Burning Man is, in many ways, a new path for these perennial aspirations, a spiritual, if not a full-blown religious event.


First, it is a way of connecting with community in a radically generous and heartful way. You become one pulsing connected being.

There is no money exchanged. It is a gift economy. You bring gifts to hand out – food or drinks or poems or artwork or massages or jokes or compliments or songs or, most amusingly, applause for your simple passing by, as a group of lawn-chair sitters offered.

Second, as the Jewish tradition might put it, the culture of Burning Man encourages you to “run to do a mitzvah,” or kindness for another and even for the land. In Islamic cultures, hospitality is often offered as a most sacred virtue. And I’m sure that Jesus fellow had a thing or two to say about kindness and generosity (though I believe it was Woody Allen who wrote in Hannah and Her Sisters, “If Jesus came back and saw what’s going on in his name, he’d never stop throwing up.”)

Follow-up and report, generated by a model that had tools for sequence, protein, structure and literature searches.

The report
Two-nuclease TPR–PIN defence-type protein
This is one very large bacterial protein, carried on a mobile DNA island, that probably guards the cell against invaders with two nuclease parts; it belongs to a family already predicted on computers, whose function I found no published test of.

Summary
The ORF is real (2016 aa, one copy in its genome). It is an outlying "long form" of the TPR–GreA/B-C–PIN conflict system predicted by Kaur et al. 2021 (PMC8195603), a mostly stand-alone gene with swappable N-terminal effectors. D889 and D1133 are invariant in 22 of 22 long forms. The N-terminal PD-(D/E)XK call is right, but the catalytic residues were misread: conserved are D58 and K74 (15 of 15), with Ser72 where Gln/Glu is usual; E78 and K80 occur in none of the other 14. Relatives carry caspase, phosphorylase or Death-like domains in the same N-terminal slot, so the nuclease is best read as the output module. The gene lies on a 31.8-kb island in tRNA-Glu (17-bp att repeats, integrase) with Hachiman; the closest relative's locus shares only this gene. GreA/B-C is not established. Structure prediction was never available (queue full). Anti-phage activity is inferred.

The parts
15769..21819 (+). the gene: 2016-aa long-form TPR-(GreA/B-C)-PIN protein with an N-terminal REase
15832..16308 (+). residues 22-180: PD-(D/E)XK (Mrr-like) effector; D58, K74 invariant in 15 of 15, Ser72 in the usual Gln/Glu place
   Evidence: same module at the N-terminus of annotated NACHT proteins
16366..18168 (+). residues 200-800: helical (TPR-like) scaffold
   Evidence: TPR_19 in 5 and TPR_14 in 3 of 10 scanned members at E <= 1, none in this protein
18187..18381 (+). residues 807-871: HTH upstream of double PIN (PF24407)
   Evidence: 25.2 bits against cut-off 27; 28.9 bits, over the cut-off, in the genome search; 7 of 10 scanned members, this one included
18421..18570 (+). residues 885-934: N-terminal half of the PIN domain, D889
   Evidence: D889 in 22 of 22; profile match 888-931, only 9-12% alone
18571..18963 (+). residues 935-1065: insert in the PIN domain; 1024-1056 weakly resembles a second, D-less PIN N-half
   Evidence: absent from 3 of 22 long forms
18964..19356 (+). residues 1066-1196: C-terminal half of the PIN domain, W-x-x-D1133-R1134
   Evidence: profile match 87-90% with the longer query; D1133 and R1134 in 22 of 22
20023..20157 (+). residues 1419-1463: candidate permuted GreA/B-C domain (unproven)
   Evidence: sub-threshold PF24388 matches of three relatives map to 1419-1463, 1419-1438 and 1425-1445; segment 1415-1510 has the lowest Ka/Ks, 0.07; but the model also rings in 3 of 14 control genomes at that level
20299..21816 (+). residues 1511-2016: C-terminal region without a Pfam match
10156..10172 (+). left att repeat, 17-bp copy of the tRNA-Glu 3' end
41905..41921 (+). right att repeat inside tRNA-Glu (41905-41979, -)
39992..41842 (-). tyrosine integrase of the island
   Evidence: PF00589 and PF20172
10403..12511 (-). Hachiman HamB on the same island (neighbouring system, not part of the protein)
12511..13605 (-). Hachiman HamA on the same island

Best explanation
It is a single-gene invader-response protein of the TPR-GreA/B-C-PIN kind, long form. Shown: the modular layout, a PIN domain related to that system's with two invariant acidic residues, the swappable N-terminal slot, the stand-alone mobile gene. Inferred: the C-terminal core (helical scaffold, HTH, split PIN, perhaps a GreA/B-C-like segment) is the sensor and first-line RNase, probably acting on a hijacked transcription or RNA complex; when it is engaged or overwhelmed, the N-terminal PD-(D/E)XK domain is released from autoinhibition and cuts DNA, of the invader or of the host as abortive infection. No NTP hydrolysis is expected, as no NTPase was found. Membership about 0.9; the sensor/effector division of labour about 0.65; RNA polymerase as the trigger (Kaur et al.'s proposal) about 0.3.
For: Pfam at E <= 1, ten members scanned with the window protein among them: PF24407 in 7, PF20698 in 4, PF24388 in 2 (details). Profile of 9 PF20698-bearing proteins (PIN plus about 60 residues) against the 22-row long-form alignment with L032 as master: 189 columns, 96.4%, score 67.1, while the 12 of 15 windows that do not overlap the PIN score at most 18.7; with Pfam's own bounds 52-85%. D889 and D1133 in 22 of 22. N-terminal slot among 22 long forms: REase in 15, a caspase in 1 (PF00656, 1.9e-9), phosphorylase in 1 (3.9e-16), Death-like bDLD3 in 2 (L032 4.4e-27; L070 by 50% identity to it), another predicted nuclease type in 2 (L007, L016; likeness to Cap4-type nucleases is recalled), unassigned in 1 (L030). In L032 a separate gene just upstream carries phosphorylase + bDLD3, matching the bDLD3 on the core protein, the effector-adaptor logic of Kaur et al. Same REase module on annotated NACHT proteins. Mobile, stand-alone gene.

Jesus definitely would have come to Burning Man. In fact, I think I saw him a few times, tangoing by the art cars.

Third, Burning Man fulfills the ancient impulse for pilgrimage.

I owe this observation to my RV mate, author of Unique Self and The Mystery of Love, Dr. Marc Gafni. He observed that when you read the description of the early Israelite fall harvest pilgrimages to Jerusalem, you get a similar picture: long lines of pilgrims, juggling, drinking, rejoicing, dancing, offerings, cavorting aplenty.

And this a pilgrimage-as-honorific; if you’ve gone once, you’re officially a “burner” – just as a trip to Mecca at the appointed month makes you a “Haji.”